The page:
Neveu, Bruno. “Biographie et historiographie: Le Dizionario biografico degli italiani.” Journal des Savants, vol. 1, no. 1, 1971, pp. 32–67, https://doi.org/10.3406/jds.1971.1240. Accessed 31 March 2022.
Sofri, Adriano. “Un monumento di civiltà: il centesimo volume del Dizionario biografico italiano.” Il Foglio, 23 December 2020. https://www.ilfoglio.it/piccola-posta/2020/12/23/news/un-monumento-di-civilta-il-centesimo-volume-del-dizionario-biografico-italiano-1588368. Accessed 31 March 2022.
Originally published in the European Studies Section Newsletter of the Association of College and Research Libraries.
We have set up a thirty-day trial of Afghan Central Press at UC Berkeley Library beginning November 15, 2022.
The vendor description is as follows,
“The Afghan Central Press collection brings together four national, Kabul-based publications of Afghanistan whose long runs and prominence provide a concentrated vantage point for understanding developments in Afghanistan for much of the twentieth century. The English-language Kabul Times is presented alongside Pushto publications Anīs (انیس, Companion), Hewād (هیواد, Homeland), and Iṣlāḥ (اصلاح, Reform).”
The collection provides full-text access to over fifty thousand individual issues in Dari (Persian), Pushto, and English languages.
The Afghan Central Press collection is hosted on Eastview’s Global Press Archive platform.
Each year, on 10th October, the Cubans all over the world commemorate the call for national independence. The “Grito de Yara,” is one of many important events in the complex historical trajectory of Cuba that unleashed the potential of the national consciousness through rebellions against the Spanish imperial authorities. The full text of the “Manifiesto de la Junta Revolucionaria de la Isla de Cuba” can be read by clicking on the link here.
At UC Berkeley Library, despite our West Coast location and our Pacific Rim orientation, we have a large collection of books that will enlighten our readers about what does “Grito de Yara” means. The other essential Open Access source is dLOC (Digital Library of the Caribbean) where one can browse documents related to the “Grito de Yara.“
Below are some titles that might of interest to the readers of this blog. Since we believe in the equitable access, I am providing some links to the full-text of these items.
Betancourt, José R. (José Ramón). Las dos banderas. Apuntes históricos sobre la insurrección de Cuba. Cartas al excmo. sr. ministro de ultramar. Soluciones para Cuba. Sevilla: Establecimiento tipográfico del Círculo liberal, 1870. Print.
Palomino, Joaquín de, ed. Merecido ramillete que dedican los voluntarios de la isla de Cuba al mal aconsejado diputado a Cortes, Diaz Quintero, formado con las protestas, manifestaciones y composiciones poeticas publicadas en los periódicos de esta capital y precedido de varios dedicatorias en prosa y verso. Habana: Impr. Sociedad de operarios, 1870. Print.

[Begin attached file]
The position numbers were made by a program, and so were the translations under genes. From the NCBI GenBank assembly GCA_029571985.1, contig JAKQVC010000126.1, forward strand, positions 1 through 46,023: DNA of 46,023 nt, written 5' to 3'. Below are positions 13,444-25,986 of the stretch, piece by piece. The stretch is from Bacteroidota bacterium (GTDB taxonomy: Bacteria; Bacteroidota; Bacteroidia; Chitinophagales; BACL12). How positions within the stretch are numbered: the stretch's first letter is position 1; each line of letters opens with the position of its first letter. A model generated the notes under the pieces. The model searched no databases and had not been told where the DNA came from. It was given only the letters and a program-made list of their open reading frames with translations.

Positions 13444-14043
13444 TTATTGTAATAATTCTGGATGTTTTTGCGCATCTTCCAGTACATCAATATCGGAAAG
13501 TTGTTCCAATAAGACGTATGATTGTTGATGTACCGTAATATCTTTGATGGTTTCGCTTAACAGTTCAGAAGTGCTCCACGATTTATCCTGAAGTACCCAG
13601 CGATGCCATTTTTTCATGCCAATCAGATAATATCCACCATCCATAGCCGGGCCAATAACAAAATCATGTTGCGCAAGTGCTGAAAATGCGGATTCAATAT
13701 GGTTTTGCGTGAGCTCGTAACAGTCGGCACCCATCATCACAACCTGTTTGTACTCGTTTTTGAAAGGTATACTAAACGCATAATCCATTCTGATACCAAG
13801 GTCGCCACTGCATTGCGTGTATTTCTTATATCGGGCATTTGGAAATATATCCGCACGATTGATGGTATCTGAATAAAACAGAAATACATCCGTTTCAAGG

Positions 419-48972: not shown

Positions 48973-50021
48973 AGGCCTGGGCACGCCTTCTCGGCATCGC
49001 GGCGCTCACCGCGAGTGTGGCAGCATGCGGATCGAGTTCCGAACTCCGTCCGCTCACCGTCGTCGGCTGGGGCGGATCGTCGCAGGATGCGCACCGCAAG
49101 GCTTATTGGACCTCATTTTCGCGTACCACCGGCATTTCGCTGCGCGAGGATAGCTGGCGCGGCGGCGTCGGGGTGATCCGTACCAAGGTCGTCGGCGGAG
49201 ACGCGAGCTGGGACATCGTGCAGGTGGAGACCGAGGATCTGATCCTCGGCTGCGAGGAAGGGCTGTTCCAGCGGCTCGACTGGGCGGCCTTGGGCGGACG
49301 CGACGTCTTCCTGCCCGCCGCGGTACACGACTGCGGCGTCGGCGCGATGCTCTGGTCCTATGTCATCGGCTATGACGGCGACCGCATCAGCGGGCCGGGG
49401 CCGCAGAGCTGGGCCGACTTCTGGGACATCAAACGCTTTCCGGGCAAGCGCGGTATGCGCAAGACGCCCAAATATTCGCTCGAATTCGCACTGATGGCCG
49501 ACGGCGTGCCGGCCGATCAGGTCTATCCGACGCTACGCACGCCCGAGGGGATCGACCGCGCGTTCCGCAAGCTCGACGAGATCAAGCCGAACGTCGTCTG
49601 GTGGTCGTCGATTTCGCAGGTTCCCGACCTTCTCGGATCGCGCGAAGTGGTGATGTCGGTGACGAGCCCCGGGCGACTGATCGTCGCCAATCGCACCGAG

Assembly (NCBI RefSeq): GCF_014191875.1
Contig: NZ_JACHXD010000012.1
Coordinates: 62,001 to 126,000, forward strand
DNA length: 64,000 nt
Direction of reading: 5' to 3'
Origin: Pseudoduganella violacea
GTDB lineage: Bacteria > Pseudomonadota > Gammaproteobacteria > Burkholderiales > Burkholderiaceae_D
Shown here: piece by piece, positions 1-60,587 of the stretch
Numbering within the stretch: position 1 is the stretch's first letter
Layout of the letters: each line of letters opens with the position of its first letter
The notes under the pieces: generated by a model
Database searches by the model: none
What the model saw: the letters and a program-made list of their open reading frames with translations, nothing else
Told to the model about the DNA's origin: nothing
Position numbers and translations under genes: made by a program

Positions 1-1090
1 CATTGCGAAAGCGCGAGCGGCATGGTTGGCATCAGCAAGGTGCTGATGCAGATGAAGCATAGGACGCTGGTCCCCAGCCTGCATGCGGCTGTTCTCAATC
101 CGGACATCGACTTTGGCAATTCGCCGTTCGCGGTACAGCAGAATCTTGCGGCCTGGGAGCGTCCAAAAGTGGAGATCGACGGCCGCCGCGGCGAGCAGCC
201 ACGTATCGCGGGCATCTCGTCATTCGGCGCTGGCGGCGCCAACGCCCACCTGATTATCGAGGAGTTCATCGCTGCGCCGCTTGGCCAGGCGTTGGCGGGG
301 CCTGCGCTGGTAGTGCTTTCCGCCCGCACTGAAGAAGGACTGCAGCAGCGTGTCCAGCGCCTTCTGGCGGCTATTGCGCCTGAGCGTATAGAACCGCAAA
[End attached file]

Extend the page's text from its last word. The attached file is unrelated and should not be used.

Llofríu y Sagrera, Eleuterio. Historia de la insurrección y guerra de la isla de Cuba. Escrita en presencia de datos auténticos, descripciones de batallas, proporcionadas por testigos oculares documentos oficiales, cuantas noticias pueden facilitar el exacto conocimiento de los hechos. Ed. ilustrada. Madrid: Impr. de la Galeria literaria, 1870. Print.
Below is a clip from a film, “La primera carga al machete”
UC Berkeley’s Professor Rebecca Herman‘s (History) new book –Cooperating with the Colossus A Social and Political History of US Military Bases in World War II Latin America on our entanglement in Latin America since the World War II is one book that I feel honored to post about in this blog.
According to the Oxford University Press, the book has several interesting facets that are quoted from its website as follows,
- Offers a new perspective on the period of World War II and its importance in the longer history of US-Latin American relations
- Brings together the local, national, and international arenas in which the history of wartime basing unfolded
- Integrates the international history of US-Latin American relations together with local histories of labor, race, gender, and law
- Moves between the realm of high politics and the ground-level social and cultural histories of the communities surrounding US bases.
I am also pleased to post a video of her presentation at the CLAS-Berkeley.
We have access to its electronic avatar through our catalog. Thank you, Professor Rebecca Herman, for always motivating me to do my best to collect difficult to find materials from Latin America!
Celebrate National Hispanic Heritage Month at the University of California-Berkeley’s Library!
The event will take place on Thursday, September 22 from 12 noon to 1:15 PDT/ 3 pm to 4:14 pm EDT.
The event is open and free to all with prior registration. Please first sign into your personal or institutional zoom accounts and then register.
Speakers (in alphabetical order)
José Adrián Barragán-Álvarez
Curator, Latin Americana
The Bancroft Library, UC Berkeley
Head Librarian at Ethnic Studies Library, UC Berkeley
Maury A. Bromsen Curator of Latin American Books
John Carter Brown Library, Rhode Island
Moderator: Liladhar R. Pendse, Librarian for the Caribbean and Latin American Studies